Unmanned aerial vehicles (UAVs) or drones have been a part of modern warfare for the last couple of decades. Drones are cheaper than standard military aircraft and are piloted remotely. But can drones be used for mapping purposes? There has been an increase in recent years in the number of drones utilized for things such as mapping wildlife and monitoring the growth of crops. Other benefits could come about with the development of new computer software able to handle the thousands of images that these drones gather.
Up until now, the process of creating a mosaic of hundreds if not thousands of orthorectified aerial images is extremely time-consuming. A conventional computer program has to analyze each image taken and figure out its exact angle and camera position in order to build a model of a piece of land. Computer software does this by looking at common features in adjacent photos and marking them with tie points. In an image of a cornfield, for example, it might use a corn plant that shows up in two photos.
The computer then adjusts its calculation of the camera positions for all the photos at once so that the different images match up to produce one coherent projection of a tie point. From there, all the tie points can be projected onto a 3D model and a mosaic is created. The problem is that current software is only equipped to handle a few hundred images. Once the number of images is more than a thousand, the typical amount gathered by a drone, the process can take well over 1000 hours.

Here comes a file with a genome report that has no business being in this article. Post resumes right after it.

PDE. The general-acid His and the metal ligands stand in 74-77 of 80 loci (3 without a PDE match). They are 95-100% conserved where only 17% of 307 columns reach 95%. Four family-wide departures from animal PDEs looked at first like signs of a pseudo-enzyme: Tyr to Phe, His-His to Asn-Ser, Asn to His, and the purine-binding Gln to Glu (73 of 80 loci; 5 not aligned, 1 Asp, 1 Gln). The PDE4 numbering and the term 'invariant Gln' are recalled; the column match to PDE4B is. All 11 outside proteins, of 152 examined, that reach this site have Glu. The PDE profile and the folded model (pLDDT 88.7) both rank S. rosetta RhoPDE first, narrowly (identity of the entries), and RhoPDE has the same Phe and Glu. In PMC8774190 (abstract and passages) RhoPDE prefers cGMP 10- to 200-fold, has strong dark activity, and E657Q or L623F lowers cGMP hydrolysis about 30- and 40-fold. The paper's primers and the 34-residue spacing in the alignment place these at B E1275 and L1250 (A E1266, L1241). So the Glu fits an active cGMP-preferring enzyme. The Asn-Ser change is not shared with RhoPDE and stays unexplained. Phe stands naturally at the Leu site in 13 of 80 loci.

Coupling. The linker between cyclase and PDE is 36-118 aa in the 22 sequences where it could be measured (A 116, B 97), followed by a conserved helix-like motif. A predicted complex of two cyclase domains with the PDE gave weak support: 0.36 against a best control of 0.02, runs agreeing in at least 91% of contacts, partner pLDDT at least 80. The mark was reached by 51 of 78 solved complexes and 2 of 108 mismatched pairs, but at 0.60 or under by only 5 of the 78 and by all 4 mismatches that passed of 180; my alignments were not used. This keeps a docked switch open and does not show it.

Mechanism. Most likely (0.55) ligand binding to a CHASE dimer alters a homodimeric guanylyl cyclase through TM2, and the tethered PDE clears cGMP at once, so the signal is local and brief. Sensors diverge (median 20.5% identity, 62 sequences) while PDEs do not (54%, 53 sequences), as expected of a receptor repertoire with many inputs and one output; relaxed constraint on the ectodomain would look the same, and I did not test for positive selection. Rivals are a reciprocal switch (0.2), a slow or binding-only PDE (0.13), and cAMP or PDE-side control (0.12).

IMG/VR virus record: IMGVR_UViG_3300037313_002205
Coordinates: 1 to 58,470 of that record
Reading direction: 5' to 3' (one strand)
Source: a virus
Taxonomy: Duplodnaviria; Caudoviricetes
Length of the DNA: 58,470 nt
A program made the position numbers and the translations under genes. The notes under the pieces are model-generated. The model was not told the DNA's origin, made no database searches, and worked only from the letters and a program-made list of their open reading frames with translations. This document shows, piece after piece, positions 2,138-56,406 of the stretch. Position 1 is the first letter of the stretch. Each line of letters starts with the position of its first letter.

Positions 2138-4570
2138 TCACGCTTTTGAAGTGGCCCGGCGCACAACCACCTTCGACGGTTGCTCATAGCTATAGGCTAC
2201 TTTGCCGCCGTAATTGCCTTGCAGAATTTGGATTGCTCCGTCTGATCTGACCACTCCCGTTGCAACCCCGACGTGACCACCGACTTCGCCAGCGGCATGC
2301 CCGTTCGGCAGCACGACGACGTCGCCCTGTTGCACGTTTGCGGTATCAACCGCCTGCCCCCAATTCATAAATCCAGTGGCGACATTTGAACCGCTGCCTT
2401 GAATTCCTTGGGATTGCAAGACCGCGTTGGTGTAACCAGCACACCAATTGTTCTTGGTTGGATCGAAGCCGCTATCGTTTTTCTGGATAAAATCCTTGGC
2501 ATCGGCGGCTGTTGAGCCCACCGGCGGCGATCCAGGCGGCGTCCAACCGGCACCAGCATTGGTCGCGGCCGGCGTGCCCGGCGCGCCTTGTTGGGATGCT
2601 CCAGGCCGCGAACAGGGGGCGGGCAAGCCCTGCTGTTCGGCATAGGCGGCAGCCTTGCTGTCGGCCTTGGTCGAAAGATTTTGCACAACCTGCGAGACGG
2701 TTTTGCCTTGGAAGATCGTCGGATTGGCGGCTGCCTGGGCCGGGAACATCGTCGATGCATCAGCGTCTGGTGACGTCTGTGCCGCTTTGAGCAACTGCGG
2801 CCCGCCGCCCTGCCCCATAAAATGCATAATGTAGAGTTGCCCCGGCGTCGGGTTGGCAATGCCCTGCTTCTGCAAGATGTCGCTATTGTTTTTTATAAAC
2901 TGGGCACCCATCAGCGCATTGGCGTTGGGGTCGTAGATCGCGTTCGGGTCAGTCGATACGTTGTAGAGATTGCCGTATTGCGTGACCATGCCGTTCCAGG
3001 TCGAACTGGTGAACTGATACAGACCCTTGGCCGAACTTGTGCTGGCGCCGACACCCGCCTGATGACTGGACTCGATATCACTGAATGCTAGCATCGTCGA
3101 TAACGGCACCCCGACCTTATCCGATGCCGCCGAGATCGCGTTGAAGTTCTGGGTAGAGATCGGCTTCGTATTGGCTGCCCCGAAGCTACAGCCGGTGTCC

To remedy the situation, computer scientist Mark Pritt, along with colleagues at Lockheed Martin in Gaithersburg, Maryland, developed a new algorithm to handle thousands of images and speed up the process. Their computer program takes the tie points from each photo and projects then directly onto a 3D space. This is without knowing the exact shape of the land or the position of the camera. Consequently, tie points do not always match up. The same corn plant could have two projections on the model.
When two tie points don’t match up, though, the computer program instinctively takes the middle point between the two and adjusts the camera position accordingly. It does this one image at a time, and once the software tweaks the camera position for all the photos, it repeats the entire process again to fix any errors that occurred. Overall, the result is that the process of analyzing images is sped up dramatically. What would have taken over a thousand hours can be done within 24 hours or less.
Now that this new software can handle a higher amount of images, drones could see considerable action in mapping. They can be used to produce high-resolution images of crops that could inform farmers’ decisions of how to take care of their fields. They could also be utilized for disaster relief. If an earthquake strikes, drones could collect images of the affected areas for relief workers. This could be done all at a cheaper price than the costs of using planes or purchasing satellite images. The next step, according to researchers, is improving this process so that maps from drones could be produced in a matter of minutes.
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